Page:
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A magnetic stirrer or magnetic mixer is a laboratory tool which utilizes a revolving magnetic field to make a stir bar (or flea) inside a fluid spin rapidly, hence stirring it. It is employed in chemistry and biology in situations where other types of stirring, such as motorized stirrers and stirring rods, may not be practical. Magnetic stirring is a commonly used method of stirring and mixing in liquid media. This technique can be employed over a wide temperature range and with almost any chemical agent, in both open and closed systems, under pressure or vacuum.
Magnetic stirrers are often employed in chemistry and biology, since they offer the advantage of stirring hermetically closed vessels or systems without the need for intricate rotary seals. They are preferred to gear-driven motorized stirrers due to their silence, greater efficiency, and lack of external moving parts that could break or become worn out (with the exception of the simple bar magnet). Magnetic stir bars are highly suitable for glass vessels typically used for chemical reactions, as glass does not significantly interfere with a magnetic field. The limited size of the bar implies that magnetic stirrers are only suitable for relatively small experiments of 4 litres or less. Stir bars also encounter difficulty with thick suspensions or viscous liquids. For larger volumes or thicker liquids, a mechanical stirring system (like an overhead stirrer) is usually necessary. In synthetic chemistry, a combined magnetic stirrer/heater is usually employed with a heating bath (frequently oil, sand, or low-melting metal) or cooling bath (usually water, ice, or an organic liquid combined with liquid nitrogen or dry ice as coolant), allowing reaction vessels situated in the bath to be held at temperatures ranging from approximately -120 to 250 °C.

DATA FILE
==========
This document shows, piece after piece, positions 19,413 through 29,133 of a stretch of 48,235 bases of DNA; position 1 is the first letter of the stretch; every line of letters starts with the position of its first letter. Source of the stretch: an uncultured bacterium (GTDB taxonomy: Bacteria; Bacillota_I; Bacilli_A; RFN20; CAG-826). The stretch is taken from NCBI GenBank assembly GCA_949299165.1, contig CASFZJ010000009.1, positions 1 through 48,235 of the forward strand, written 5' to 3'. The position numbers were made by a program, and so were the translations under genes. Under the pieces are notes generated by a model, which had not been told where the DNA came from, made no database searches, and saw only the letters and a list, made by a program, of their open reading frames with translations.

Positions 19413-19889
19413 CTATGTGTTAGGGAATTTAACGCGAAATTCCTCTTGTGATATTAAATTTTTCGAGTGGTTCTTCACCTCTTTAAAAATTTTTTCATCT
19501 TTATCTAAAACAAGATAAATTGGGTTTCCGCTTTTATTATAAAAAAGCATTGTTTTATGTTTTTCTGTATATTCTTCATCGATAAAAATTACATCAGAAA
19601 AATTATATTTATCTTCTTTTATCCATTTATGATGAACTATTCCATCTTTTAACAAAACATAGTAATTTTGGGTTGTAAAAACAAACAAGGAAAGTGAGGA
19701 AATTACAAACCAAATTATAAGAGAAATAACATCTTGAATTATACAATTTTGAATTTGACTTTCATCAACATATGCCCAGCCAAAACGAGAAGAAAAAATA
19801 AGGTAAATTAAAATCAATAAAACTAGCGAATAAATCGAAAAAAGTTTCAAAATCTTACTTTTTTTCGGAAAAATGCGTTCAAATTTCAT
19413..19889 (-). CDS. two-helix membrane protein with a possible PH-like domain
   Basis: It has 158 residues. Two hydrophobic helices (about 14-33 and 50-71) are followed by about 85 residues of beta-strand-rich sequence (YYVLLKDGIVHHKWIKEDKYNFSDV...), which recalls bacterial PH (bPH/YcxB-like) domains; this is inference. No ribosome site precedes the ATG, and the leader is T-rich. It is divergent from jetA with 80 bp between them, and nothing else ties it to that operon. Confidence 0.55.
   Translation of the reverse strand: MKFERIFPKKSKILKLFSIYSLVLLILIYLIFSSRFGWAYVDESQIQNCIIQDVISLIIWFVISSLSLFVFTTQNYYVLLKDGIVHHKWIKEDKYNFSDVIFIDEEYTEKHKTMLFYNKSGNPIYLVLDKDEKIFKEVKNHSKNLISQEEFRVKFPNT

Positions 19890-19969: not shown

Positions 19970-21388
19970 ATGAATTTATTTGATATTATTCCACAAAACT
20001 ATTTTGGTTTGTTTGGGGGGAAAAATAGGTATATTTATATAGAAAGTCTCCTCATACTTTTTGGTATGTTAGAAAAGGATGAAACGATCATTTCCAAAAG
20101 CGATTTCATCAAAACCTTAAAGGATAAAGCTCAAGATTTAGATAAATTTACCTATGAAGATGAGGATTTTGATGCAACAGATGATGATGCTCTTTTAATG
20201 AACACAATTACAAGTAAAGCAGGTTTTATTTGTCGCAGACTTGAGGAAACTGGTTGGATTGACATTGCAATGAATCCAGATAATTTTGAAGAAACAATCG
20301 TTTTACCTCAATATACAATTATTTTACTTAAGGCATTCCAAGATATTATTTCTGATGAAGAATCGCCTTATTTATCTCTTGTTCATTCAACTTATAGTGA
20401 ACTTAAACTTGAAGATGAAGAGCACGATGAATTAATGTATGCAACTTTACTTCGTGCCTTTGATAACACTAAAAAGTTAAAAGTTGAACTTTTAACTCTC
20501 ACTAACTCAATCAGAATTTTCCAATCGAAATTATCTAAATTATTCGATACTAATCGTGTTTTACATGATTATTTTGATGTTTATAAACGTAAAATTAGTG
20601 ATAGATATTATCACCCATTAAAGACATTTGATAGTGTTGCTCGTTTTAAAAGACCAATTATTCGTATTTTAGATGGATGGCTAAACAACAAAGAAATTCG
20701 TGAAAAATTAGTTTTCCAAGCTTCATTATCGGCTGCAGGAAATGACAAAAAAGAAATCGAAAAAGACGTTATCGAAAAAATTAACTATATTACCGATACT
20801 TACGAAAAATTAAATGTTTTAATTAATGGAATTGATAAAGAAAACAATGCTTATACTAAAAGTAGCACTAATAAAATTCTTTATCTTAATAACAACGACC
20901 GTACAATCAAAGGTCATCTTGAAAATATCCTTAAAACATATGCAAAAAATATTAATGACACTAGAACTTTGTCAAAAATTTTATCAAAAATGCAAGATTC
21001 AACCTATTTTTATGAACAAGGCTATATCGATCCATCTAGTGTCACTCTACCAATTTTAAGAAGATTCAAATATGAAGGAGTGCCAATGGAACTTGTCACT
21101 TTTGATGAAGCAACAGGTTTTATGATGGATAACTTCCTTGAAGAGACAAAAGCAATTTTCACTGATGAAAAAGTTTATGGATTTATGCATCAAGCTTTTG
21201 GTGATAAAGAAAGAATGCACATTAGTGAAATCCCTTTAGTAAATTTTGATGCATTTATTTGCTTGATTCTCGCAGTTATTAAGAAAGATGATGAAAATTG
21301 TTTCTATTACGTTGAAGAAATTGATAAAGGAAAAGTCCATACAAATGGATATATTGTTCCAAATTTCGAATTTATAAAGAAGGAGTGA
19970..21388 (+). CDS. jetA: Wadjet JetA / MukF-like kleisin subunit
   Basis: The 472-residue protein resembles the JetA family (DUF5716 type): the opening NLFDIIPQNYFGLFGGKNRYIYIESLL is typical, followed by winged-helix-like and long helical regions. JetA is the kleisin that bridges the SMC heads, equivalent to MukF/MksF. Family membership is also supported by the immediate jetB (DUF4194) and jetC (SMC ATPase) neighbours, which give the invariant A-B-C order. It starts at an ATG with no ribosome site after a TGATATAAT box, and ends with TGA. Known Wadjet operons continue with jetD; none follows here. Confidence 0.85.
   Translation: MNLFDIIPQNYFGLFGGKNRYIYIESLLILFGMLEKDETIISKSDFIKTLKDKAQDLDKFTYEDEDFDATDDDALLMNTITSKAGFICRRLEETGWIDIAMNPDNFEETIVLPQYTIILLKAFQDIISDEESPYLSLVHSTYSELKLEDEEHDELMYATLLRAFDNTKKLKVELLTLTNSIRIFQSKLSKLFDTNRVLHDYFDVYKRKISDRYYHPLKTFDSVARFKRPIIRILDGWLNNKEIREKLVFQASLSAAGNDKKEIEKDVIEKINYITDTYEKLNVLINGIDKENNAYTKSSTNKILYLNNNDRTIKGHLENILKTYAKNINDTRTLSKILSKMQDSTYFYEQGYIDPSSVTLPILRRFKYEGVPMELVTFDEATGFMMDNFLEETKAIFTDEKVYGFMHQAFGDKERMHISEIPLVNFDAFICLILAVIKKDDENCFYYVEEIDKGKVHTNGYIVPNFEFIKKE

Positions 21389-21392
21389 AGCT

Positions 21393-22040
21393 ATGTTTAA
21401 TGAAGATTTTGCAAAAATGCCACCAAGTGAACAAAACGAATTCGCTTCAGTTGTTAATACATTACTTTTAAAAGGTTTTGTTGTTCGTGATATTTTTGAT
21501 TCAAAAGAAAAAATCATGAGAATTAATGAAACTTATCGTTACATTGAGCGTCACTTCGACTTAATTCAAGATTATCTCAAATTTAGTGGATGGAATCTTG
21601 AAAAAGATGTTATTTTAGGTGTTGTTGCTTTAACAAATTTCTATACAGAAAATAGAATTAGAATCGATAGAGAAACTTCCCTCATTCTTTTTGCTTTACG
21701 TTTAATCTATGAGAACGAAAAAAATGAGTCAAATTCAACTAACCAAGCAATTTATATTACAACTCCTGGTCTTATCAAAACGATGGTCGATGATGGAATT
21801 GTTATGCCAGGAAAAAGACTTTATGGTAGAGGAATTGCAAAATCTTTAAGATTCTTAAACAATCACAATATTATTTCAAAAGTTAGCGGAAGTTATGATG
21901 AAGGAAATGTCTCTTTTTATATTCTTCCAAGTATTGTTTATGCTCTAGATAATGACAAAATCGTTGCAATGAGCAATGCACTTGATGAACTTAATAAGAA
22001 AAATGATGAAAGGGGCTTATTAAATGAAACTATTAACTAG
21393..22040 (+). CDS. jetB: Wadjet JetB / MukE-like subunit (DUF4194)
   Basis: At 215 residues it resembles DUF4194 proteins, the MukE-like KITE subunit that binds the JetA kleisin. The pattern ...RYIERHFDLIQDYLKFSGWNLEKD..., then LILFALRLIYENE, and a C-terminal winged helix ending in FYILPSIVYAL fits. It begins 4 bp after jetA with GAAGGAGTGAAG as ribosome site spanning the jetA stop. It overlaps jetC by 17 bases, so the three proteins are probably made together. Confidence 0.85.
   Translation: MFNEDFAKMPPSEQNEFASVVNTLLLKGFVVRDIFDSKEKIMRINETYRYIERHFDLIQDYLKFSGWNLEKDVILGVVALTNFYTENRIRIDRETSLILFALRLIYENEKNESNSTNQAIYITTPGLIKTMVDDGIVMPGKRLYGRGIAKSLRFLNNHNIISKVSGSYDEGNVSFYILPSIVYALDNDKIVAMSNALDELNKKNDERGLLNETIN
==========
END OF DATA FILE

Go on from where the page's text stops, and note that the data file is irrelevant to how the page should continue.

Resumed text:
The essential arrangement comprises of two parts: a stirrer magnet embedded in the liquid and a magnetic drive situated outside the container. Both, stirrer magnet and magnetic drive constitute a magnetic circuit. To guarantee easy stirring in fluids with different viscosities, the magnetic drive should have a wide selection of varying velocities. Therefore, the intensity and form of the magnetic circuit between stirrer magnet and drive magnet is extremely important.
The stirrer magnet has a bar magnet enclosed in a shielding layer to stop any contamination of the liquid. Usually, Alnico V is used as the core of the stirring magnet, nevertheless, Samarium-Cobalt is a rarer option. Polytetraflouroethylene is the favored outer layer due to its long-lasting chemical and thermal resistances (-200 °C to +260 °C). It is also simple to process.